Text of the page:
A new railway line being built for the August Beijing Olympic Games was a factor in a train crash that left 71 people dead in east China, officials and state press said on Wednesday.
The pre-dawn Monday crash near Zibo city was the most severe in China in over 10 years, also leaving over 400 people injured.
Authorities blamed the accident in Shandong province on the excessive speed of a train from Beijing to Qingdao city -- site of the Olympic sailing competition -- which derailed and slammed into an oncoming train.
According to Zhang Mingqi, vice-head of a cabinet-level investigative team into the accident, orders had gone out to drivers to reduce speed on the section of the track where the accident occurred because of construction on the line.
At the site of the crash workers had dug a more than 20-metre (66-foot) -deep hole that is to serve as the foundations as they link up another railway line from the Shandong capital of Jinan, local officials said.
"This is part of the Jinan-Qingdao line which is being built for the Olympic Games," Zibo city spokesman Li Chenggang told AFP as he pointed out the construction project at the site of the crash.
"The line is expected to be completed before the Olympic Games and will make travel between Jinan and Qingdao much faster."
On April 23, the Jinan Railway Bureau in Shandong printed an order to reduce train speeds on the section of the line under construction to 80 kilometres (48 miles) an hour, Zhang said.
The train was travelling 131 kilometres an hour when it derailed as it rounded a curve near the construction site.
Orders to reduce speed were not properly transmitted to train drivers, the Beijing News said.
But "after this order was issued, no one confirmed that it had been received by the concerned work units (drivers)," the paper said.
Workers on the project, many of whom had assisted in pulling out injured and dead passengers from the Monday wreck, refused to comment on whether their construction work contributed to the wreck.
But Wang Jun, head of the State Administration of Work Safety, said that authorities were also investigating whether the construction work had destabilised the existing track.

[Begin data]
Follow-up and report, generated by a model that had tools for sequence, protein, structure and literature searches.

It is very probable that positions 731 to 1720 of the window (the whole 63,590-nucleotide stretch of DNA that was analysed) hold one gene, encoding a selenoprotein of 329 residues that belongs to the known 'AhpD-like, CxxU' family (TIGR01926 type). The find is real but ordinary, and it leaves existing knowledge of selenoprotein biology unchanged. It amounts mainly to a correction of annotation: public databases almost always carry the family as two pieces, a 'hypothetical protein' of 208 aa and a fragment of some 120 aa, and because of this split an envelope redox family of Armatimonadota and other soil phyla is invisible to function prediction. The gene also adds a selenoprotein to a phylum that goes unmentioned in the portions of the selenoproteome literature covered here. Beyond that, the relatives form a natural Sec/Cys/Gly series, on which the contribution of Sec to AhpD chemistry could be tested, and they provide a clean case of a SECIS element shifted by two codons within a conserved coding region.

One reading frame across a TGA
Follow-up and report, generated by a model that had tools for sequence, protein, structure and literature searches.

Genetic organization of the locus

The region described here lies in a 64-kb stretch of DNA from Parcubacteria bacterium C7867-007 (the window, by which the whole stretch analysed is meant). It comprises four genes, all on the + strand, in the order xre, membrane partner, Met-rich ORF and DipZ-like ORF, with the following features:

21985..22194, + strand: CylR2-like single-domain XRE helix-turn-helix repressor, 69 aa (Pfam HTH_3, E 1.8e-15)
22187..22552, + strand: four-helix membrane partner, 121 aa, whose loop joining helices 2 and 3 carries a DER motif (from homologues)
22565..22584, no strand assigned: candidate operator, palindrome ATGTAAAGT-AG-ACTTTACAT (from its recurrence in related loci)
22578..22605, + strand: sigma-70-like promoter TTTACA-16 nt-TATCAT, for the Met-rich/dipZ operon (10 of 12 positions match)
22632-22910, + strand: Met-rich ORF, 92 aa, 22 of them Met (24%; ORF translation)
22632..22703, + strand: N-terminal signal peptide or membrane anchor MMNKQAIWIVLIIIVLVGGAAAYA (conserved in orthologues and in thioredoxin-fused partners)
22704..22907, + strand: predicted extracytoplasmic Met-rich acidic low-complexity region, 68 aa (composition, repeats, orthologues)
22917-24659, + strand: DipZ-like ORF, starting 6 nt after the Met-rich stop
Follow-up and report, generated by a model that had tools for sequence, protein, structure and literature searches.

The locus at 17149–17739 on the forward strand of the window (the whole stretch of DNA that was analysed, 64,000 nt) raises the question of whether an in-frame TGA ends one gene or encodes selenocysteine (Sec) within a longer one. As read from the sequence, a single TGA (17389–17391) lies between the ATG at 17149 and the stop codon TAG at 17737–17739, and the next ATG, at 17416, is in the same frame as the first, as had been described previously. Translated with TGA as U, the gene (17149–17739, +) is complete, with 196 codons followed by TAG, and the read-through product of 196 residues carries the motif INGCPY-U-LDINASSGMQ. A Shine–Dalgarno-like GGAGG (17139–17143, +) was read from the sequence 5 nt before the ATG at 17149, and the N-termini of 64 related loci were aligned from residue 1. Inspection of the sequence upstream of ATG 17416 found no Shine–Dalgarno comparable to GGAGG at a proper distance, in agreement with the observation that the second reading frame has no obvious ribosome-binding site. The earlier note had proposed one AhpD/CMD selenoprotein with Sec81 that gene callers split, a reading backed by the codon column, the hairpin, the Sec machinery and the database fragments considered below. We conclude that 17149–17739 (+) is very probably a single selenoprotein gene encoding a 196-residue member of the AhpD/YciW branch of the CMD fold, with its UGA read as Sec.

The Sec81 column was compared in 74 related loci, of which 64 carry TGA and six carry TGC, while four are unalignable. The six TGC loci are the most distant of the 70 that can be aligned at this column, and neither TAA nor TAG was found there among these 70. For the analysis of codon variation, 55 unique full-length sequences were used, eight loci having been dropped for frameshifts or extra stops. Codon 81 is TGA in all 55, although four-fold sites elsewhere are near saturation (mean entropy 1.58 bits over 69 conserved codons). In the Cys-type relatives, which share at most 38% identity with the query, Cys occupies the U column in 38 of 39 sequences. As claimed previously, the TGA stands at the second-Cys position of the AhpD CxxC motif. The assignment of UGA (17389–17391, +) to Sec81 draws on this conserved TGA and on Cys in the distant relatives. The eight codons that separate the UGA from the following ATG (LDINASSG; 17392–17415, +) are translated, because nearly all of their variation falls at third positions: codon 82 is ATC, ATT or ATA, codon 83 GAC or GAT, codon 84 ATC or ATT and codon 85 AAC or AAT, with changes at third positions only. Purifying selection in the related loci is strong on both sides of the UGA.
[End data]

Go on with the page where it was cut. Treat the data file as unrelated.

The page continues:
"In this investigation we need to clearly grasp factors in several areas, the first is the foundation of the track, whether or not it is stable," Xinhua news agency quoted Wang as saying.
Three top officials of the Jinan Railway Bureau have already been sacked in the aftermath of the accident.
Chinese authorities have scrambled to deal with the fall-out from the wreck, with 19 hospitals in Zibo working overtime to deal with the injured.
"Since the accident yesterday, the work carried out by Zibo city has gone smoothly," Liu Xinsheng, vice-secretary of the Communist Party in Zibo, told reporters Tuesday.
"Now we face the very hard and difficult task of taking care of all those who have been injured."
Train traffic on the line was resumed on Tuesday.
The accident was the second rail tragedy in Shandong this year. In January, a high-speed train ploughed into a group of railway workers in the province, killing 18 people.
However China's railways are generally regarded as relatively safe, if not always comfortable, and they are a primary source of travel for the nation's 1.3 billion people.
Travelling by train is seen as much safer than by road, with 81,000 people losing their lives in traffic accidents last year, an average of around 223 a day, according to China's state-run press.